Coalition of the Confused

Hosted by Jenifer (Zarknorph)

Confused malcontents swilling Chardonnay while awaiting the Zombie Apocalypse.

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The catastrophe that EVERYONE saw coming   America - all of it

Started 3/19/18 by Jenifer (Zarknorph); 2481 views.
Dan (DANCULBERSON)

From: Dan (DANCULBERSON)

3/21/18

Jenifer (Zarknorph) said...

Uber self-driving car kills pedestrian in Arizona

And the thread is titled "The catastrophe that EVERYONE saw coming"?

Apparently not the woman pedestrian who was killed. [RIM SHOT]

Jenifer (Zarknorph)

From: Jenifer (Zarknorph)

3/21/18

Oh Heavens to Betsy!

I don't know what is worse!

The fact you made that terribly offensive joke, or the fact that I'm trying to type while laughing!

I think we'll just have to agree that both our karma is in the toilet.

In reply toRe: msg 6
Jenifer (Zarknorph)
Host

From: Jenifer (Zarknorph)

7/5/18

Contribute to the Ethical Debate - vote on who lives or dies!


Driverless cars are coming... but would you want to be in one that would drive you into a wall to save a texting jaywalker?

In reply toRe: msg 7
Jenifer (Zarknorph)
Host

From: Jenifer (Zarknorph)

10/26/18

Who do we want self-driving cars to spare on the road?

Self-driving cars may soon make troubling human choices. Their software could have a programmed reaction to the question: If an accident is inevitable, who or what is more valuable?

A human or a pet? Passengers versus pedestrians? The young or the elderly?

Researchers from the Massachusetts Institute of Technology built an online game called the Moral Machine to test how people around the world would answer those questions.

Players were shown unavoidable accidents with two possible outcomes depending on whether the car swerved or stayed on course, and then asked to choose the outcome they preferred. The research gathered 40 million responses from people in 233 countries.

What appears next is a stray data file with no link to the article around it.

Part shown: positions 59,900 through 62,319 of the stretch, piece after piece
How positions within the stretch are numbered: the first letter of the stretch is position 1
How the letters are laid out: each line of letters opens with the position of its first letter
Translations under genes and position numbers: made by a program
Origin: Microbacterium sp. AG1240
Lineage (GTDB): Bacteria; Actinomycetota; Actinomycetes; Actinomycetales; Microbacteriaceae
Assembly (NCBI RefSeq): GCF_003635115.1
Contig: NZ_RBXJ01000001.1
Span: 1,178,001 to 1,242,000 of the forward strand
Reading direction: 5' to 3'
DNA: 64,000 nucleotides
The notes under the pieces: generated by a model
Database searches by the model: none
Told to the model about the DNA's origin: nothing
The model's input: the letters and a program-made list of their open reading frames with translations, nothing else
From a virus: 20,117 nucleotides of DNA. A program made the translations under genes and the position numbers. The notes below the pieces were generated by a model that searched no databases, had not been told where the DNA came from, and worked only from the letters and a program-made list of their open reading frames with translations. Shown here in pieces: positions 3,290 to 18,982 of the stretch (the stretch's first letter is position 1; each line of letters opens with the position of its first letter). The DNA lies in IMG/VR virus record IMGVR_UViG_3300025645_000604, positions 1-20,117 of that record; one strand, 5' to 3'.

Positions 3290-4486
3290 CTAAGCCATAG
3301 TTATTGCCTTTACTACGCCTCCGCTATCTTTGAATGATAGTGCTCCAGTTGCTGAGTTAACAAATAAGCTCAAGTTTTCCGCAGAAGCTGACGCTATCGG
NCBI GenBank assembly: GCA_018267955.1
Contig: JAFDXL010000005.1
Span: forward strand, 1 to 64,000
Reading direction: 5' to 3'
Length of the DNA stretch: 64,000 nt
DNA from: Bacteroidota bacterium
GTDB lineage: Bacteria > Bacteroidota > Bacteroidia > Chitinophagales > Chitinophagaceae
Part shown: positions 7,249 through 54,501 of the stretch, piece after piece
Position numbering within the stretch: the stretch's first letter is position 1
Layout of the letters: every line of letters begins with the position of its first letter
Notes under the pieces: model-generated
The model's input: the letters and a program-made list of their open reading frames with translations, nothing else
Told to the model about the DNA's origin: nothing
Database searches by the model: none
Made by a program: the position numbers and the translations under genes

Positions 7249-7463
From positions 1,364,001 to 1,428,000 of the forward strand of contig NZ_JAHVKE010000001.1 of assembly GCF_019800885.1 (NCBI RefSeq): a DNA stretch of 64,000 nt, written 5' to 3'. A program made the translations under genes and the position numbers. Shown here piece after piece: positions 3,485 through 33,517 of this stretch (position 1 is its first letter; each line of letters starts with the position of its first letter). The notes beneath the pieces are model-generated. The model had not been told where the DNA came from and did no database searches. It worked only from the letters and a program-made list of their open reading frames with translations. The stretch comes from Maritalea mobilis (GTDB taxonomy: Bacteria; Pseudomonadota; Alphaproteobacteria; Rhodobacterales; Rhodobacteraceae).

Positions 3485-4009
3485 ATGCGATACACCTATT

The results, published today in the journal Nature, are just one step towards finding a social consensus around how we expect driverless cars to act, given it will be humans who write the code.

While there were intriguing trends from country to country, globally Moral Machine players showed a preference for sparing babies, little girls, little boys and pregnant women.

Of course, humans don't always make clear, thought-out decisions when faced with a road accident, and it's not clear if driverless cars will do any better.

See the Chart HERE!   It's kinda sexist, really.

Di (amina046)

From: Di (amina046)

10/27/18

I am not going out again without strapping a pillow to my waist under the dress!

i am going to look like 18 months pregnant with triplets!

Jenifer (Zarknorph)
Host

From: Jenifer (Zarknorph)

10/27/18

Or you could dress like a doctor... just make sure you look like a man.

In reply toRe: msg 10
Jenifer (Zarknorph)
Host

From: Jenifer (Zarknorph)

Apr-19

adwil

From: adwil

Apr-21

Jenifer (Zarknorph) said:

Two men die when a Tesla vehicle, believed to be operating without anyone in the driver's seat, crashes into a tree and bursts into flames.

Strange. Further investigation by police and Tesla needed. This particular vehicle did not have the self-drive pack and even so should not operate without someone at the steering wheel.  Perhaps the car had been unofficially modded.  Interesting.

In reply toRe: msg 12
Jenifer (Zarknorph)
Host

From: Jenifer (Zarknorph)

Apr-22

I couldn't work out if this was simple natural selection either.

adwil

From: adwil

Apr-22

Jenifer (Zarknorph) said:

I couldn't work out if this was simple natural selection either.

"I couldn't work out if this was simple natural selection either."

;-) It's a strange case. We just don't know enough to draw conclusions. 

The latest Hondas are getting ever closer to driving themselves. They read speed limits, keep the car in its chosen motorway lane, prevent acceleration if it's deemed dangerous, keep the car at the speed of other traffic in the chosen lane and slow or stop the car if traffic ahead slows or stops. It also automatically dips its headlights at night if it detects an oncoming vehicle. The driver has to opt in, and is still responsible for what the car does,-important for insurance.  However, it's not hard to see these 'driver aids' being used to help a car drive itself in a year or two's time.

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